Danish Artist Duo Mathias & Mathias on Dumplings, Dandies, and Millennial Identity

Artsy Editorial
Jan 13, 2016 5:23PM

Artists Mathias Toubro (left) and Mathias Dyhr (right). Photo by Mette Kerstein. 

“Mathias is more hands-on, and Mathias is more thoughtful. Or is it the other way around?” There’s a sly wit—not to mention serious philosophical underpinnings—to the experimental work of Mathias & Mathias, a Copenhagen-based artist group currently showing their new exhibition, “Dumplings,” at Last Resort.  The sculptures on view, which combine elegant figuration with the duo’s characteristic playfulness, take center stage. Made from iron rods, their looping outlines resemble abstracted figures affixed with loaves of bread where muscles or bulges might be, drawing connections between art-making, labor, and consumption. “You are what you eat; as you are what you paint,” write the duo, with one of the tongue-in-cheek aphorisms that often bolster their work. “Becoming your subject at hand; You know, suddenly I find myself being a tool, a vegetable, etc., etc.” 

As “Dumplings” draws to a close, we caught up with the artists, known to some as Mathias Toubro and Mathias Dyhr, about using food as a metaphor, the artistic tastes of millennials, and their ongoing fascination with the lifestyle and mannerisms of the modern dandy.

Installation view of “Dumplings” at Last Resort, Copenhagen. Photo by Carl Holck and André Supa. 


Artsy: You've engaged with the themes of food and drink—of satiation, appetite and intoxication—in the past. What is the significance of “Dumplings,” the title of your new show

Mathias & Mathias: The title “Dumplings” works on more than one level. One is a pun on the word itself—“dumb.” In our discussion leading up to making these works, we reflected on the dumbing aspects of manual artistic labor. If you paint vegetables for too long, we thought, you become a vegetable yourself.

When discussing food themes, we always return to the ideas of eclecticism, of use and reuse, of making things new while constantly keeping tradition in mind. For example, in our 2014 show “Ribollita,” named after a hearty Tuscan peasant soup consisting of the previous day’s leftovers (primarily stale bread), the central object was a large Baroque-style concrete fountain filled with water, bread, nuts, and fruits from the garden where we constructed the fountain. Also hidden in the muddy water were sculptures from a former exhibition. The fountain was functioning normally, but the water was shooting slightly out of bounds: it was not following its ordinary task, it was not a closed system, but rather something that consumed itself and it's raison d'être.

Food and cooking serve as a an allegory that is both bodily and abject. A pot can easily be a fountain. Bread could be, at certain times, for certain people, a symbol of flesh. When working with food themes, we find that there is something deeply humorous at stake—and then sometimes something urgent and troubling.

Installation view of “Dumplings” at Last Resort, Copenhagen. Photo by Carl Holck and André Supa. 

Artsy: You've exhibited work in some unconventional spaces. For you, what is the role of art in a private versus public space?

M & M: When creating a new exhibition, the discussion of the overall viewer experience is often quite central. We consider accessibility, duration, and the style of installation. Online image stream has rendered physical encounters almost redundant. But on the other hand, the specificity of exhibitions in physical spaces seem even more important now. In our generation—that of millennials—this seems to be an important theme. Our generation isn’t living online, nor do we wish to do so. We’re just processing information quickly and navigating more than one place at once. In comparison with the exhibitions we’ve done in public spaces and in private homes, “Dumplings” conforms a lot more to the traditional exhibition experience. But we enjoy that, too.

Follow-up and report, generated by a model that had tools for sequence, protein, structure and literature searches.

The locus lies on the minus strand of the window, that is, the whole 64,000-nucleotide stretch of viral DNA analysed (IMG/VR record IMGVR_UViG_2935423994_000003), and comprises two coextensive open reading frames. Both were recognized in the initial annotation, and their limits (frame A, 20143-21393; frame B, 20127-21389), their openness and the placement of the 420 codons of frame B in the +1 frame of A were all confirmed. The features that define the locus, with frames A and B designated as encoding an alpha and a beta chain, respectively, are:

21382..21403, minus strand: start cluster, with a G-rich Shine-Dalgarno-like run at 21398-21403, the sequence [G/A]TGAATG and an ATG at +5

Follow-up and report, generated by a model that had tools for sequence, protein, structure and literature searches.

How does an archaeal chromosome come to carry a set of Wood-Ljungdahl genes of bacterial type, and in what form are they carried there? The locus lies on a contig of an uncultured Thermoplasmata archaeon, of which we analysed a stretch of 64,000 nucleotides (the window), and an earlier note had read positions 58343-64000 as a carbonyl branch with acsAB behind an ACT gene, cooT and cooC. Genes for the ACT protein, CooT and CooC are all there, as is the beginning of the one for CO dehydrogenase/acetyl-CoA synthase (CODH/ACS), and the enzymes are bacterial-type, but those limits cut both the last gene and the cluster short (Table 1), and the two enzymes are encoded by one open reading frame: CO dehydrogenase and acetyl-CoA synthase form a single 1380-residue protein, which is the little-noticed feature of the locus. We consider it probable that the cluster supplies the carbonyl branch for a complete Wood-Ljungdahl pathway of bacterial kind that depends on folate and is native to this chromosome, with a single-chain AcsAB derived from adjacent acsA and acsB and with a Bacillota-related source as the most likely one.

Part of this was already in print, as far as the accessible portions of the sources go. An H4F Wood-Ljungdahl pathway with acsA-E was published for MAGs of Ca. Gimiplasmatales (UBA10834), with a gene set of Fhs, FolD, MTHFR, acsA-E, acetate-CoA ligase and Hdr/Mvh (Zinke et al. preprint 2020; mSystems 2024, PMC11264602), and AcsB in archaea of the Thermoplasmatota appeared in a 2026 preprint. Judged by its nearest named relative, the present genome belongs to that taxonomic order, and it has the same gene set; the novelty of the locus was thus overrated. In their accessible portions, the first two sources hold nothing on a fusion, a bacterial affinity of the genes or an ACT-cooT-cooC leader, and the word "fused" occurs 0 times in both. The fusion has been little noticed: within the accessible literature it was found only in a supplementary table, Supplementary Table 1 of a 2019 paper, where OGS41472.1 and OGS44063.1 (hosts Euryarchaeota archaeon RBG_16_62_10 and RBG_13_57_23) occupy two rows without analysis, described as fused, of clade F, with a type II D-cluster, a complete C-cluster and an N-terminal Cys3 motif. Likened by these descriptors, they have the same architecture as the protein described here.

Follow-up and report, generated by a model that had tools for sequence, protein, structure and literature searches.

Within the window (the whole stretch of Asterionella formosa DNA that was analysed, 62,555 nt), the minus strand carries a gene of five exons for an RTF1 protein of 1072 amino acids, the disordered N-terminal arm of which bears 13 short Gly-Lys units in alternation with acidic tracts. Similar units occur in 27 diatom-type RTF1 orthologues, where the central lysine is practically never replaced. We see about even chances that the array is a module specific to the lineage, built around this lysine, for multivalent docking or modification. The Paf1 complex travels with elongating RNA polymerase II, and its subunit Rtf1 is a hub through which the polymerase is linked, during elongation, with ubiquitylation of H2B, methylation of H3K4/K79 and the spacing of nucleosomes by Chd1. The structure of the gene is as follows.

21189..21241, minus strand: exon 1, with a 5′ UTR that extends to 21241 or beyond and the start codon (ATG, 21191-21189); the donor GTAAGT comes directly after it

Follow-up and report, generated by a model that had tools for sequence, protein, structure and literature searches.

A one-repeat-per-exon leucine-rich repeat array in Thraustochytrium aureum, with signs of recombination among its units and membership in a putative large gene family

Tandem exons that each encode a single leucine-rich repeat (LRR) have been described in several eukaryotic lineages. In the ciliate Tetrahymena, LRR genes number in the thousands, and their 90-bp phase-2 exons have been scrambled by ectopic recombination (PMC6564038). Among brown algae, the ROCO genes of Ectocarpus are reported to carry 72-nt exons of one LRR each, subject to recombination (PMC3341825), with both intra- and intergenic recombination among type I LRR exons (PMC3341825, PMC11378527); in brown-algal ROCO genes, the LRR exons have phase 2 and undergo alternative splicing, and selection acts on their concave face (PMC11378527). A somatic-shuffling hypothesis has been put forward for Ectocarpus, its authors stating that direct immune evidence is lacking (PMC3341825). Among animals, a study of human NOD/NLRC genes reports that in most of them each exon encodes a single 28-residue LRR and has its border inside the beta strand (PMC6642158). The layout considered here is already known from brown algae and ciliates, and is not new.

Artsy:  The written word seems to play an important role in your work. Do you consider the texts you write to be essential components of the work itself?

M & M: We use text as a tool to unfold our work, and as a tool to tighten it up. Text is just as important as physical stuff in the exhibitions. We also see text as an effective way to position ourselves in relation to the work we have made. We can role-play—act dumb, for instance, or speak the vernacular of dandies. When you work as a team under a common name, you’ve already let go, at least slightly, of yourself as the subject, and the fictions and voices of the text start morphing into a third element or character.

Installation view of “Dumplings” at Last Resort, Copenhagen. Photo by Carl Holck and André Supa. 

Artsy: Describe your collaborative process. How long have you been working together? How do you conceive of an idea and realize it? Do you play complementary roles in this process?

M & M: We’ve been working together since 2012, starting with the exhibition “Fine and Dandy.” It was a decorative installation consisting of brightly colored walls with palm trees, festoon stuccos, and glowing makeup mirror frames as door entrances. That was our first attempt to enter the mind of a fictional figure of our own choice—the dandy and his mannerisms.

Since we share a studio, we’re in almost daily contact. That means we can easily address each other regarding new ideas, things we have seen or read; we’ve worked out a common language. Mathias is more hands-on, and Mathias is more thoughtful. Or is it the other way around? Who did what is not a secret, but it’s also not of great importance. Mathias & Mathias is an umbrella.

Bridget Gleeson

Dumplings” is on view at Last Resort, Copenhagen, Nov. 28th, 2015 – Jan. 16th, 2016.

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